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01 March 2024

Philippine rebels join hunt for kidnapped Australian


Rebels engaged in peace talks with the Philippine government said Monday they had joined the search for an Australian man kidnapped by an armed group in the troubled south of the country.

The Liberation Front has formed a tracking unit to help authorities recover Warren Rodwell, 53, who was seized from his home by gunmen believed to be Islamic militants last month, rebel spokesman Vol Al-Haq said.

"We are working on it and all (the information) we gather, we will feed to the ad hoc joint action group," al-Haq told AFP.

He said the Front was working to check unverified reports that Rodwell was in the hands of the smaller Al Qaeda-linked Abu Sayyaf group in their southern island territory of Basilan.

Rodwell, who is married to a Filipina, had been living in the southern coastal town of Ipil for eight months prior to his abduction on December 5.

Authorities had imposed a news blackout on the search, although various sources had said his abductors likely took him across to Basilan, a stronghold of the Abu Sayyaf.

Local press, citing police sources, have reported that Rodwell's abductors sent his wife photographs to prove he was alive and demanded an initial ransom of one million pesos (about ê23,000).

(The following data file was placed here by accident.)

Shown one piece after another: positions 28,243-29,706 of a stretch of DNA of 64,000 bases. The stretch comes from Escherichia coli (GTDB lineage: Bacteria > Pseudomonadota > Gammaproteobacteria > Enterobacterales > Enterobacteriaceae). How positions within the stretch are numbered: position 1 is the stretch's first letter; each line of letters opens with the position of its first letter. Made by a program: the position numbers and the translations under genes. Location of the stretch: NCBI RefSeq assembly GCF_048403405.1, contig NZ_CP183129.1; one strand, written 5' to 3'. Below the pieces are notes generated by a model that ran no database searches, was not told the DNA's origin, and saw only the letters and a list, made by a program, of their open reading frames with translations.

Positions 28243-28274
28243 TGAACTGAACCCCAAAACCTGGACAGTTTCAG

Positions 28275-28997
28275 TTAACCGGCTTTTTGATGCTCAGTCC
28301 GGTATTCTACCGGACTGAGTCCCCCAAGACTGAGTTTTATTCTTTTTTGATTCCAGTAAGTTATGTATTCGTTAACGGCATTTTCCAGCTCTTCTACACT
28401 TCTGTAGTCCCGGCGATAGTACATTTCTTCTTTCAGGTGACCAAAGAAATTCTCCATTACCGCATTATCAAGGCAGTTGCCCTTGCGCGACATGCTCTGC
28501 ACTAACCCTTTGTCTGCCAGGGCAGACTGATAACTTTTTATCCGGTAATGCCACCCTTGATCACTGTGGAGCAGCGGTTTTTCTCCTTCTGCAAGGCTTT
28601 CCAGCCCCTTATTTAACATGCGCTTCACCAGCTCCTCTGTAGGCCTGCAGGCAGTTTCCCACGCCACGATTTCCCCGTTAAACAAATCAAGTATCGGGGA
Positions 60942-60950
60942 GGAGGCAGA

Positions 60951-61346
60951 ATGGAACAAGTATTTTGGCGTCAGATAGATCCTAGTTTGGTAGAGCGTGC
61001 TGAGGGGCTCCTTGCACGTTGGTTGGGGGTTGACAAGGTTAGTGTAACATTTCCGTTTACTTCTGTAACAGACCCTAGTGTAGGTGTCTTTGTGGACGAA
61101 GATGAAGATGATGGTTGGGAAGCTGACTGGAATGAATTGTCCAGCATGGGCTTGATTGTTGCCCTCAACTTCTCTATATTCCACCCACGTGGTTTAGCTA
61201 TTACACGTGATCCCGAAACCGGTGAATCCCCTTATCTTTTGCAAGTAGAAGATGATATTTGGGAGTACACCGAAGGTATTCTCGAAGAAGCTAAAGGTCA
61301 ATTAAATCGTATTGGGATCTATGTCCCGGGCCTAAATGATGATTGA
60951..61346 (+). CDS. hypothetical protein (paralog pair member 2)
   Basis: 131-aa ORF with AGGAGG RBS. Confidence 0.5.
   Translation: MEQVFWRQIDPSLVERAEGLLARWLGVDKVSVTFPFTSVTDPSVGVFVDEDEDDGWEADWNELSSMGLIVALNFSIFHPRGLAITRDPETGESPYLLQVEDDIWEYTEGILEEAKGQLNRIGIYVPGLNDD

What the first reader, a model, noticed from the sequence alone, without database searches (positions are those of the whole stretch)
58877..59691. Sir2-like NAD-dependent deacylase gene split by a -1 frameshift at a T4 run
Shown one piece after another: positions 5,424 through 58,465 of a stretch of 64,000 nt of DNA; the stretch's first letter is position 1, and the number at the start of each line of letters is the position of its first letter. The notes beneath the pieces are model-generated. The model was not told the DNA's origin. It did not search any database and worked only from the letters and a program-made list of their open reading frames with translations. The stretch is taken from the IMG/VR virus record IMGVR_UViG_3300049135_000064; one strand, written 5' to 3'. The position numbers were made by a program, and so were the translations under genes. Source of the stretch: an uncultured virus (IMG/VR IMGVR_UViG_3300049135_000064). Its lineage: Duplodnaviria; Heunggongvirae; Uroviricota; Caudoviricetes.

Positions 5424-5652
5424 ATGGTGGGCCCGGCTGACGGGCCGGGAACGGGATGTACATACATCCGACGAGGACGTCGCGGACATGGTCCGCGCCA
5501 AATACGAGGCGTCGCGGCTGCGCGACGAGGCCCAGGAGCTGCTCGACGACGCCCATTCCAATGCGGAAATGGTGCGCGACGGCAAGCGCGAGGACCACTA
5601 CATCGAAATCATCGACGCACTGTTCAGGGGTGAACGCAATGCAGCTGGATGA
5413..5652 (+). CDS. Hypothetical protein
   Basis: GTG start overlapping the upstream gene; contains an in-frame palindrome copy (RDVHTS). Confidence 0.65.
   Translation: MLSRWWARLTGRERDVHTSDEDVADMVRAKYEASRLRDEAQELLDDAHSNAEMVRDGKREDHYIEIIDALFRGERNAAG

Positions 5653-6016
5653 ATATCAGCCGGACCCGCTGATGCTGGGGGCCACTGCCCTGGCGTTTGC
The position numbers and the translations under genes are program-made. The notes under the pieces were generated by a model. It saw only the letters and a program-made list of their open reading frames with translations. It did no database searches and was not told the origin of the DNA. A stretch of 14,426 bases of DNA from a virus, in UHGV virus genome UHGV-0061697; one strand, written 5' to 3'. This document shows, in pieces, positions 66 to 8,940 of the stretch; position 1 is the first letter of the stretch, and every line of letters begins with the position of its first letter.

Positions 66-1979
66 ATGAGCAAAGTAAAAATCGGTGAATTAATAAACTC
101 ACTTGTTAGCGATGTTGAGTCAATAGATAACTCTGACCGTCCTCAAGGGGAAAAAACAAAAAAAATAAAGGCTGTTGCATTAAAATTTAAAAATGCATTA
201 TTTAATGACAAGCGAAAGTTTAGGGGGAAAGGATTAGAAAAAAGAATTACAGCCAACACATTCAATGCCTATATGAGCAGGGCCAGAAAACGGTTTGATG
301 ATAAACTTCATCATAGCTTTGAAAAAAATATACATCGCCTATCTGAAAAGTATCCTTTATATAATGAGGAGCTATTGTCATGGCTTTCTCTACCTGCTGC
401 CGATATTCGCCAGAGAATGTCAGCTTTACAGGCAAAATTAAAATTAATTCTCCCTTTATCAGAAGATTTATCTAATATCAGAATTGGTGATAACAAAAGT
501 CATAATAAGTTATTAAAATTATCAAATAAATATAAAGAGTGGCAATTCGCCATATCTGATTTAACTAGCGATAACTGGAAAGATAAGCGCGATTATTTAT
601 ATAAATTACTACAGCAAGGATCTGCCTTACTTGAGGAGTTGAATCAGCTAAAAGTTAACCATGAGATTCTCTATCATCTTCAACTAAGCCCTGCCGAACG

Philippine police declined to comment on the reports when contacted by AFP in Manila, as did the Australian foreign ministry.

"It would be unhelpful to comment in detail on developments in the investigation," a spokeswoman at Australia's foreign office in Canberra said.

"(Foreign officials and police) are in close contact with Mr Rodwell's family and are keeping them informed of developments throughout this difficult ordeal," she added.

The Abu Sayyaf is a small band of militants which was formed with seed money from Al-Qaeda in the 1990s.

It has carried out numerous kidnappings for ransom, often targeting foreigners and Christians and a spate of high profile bombings over the past two decades.

It is not included in the peace talks between Manila and the 12,000-strong Front, which had agreed to help government forces go after criminal gangs and terrorists in areas where it operates.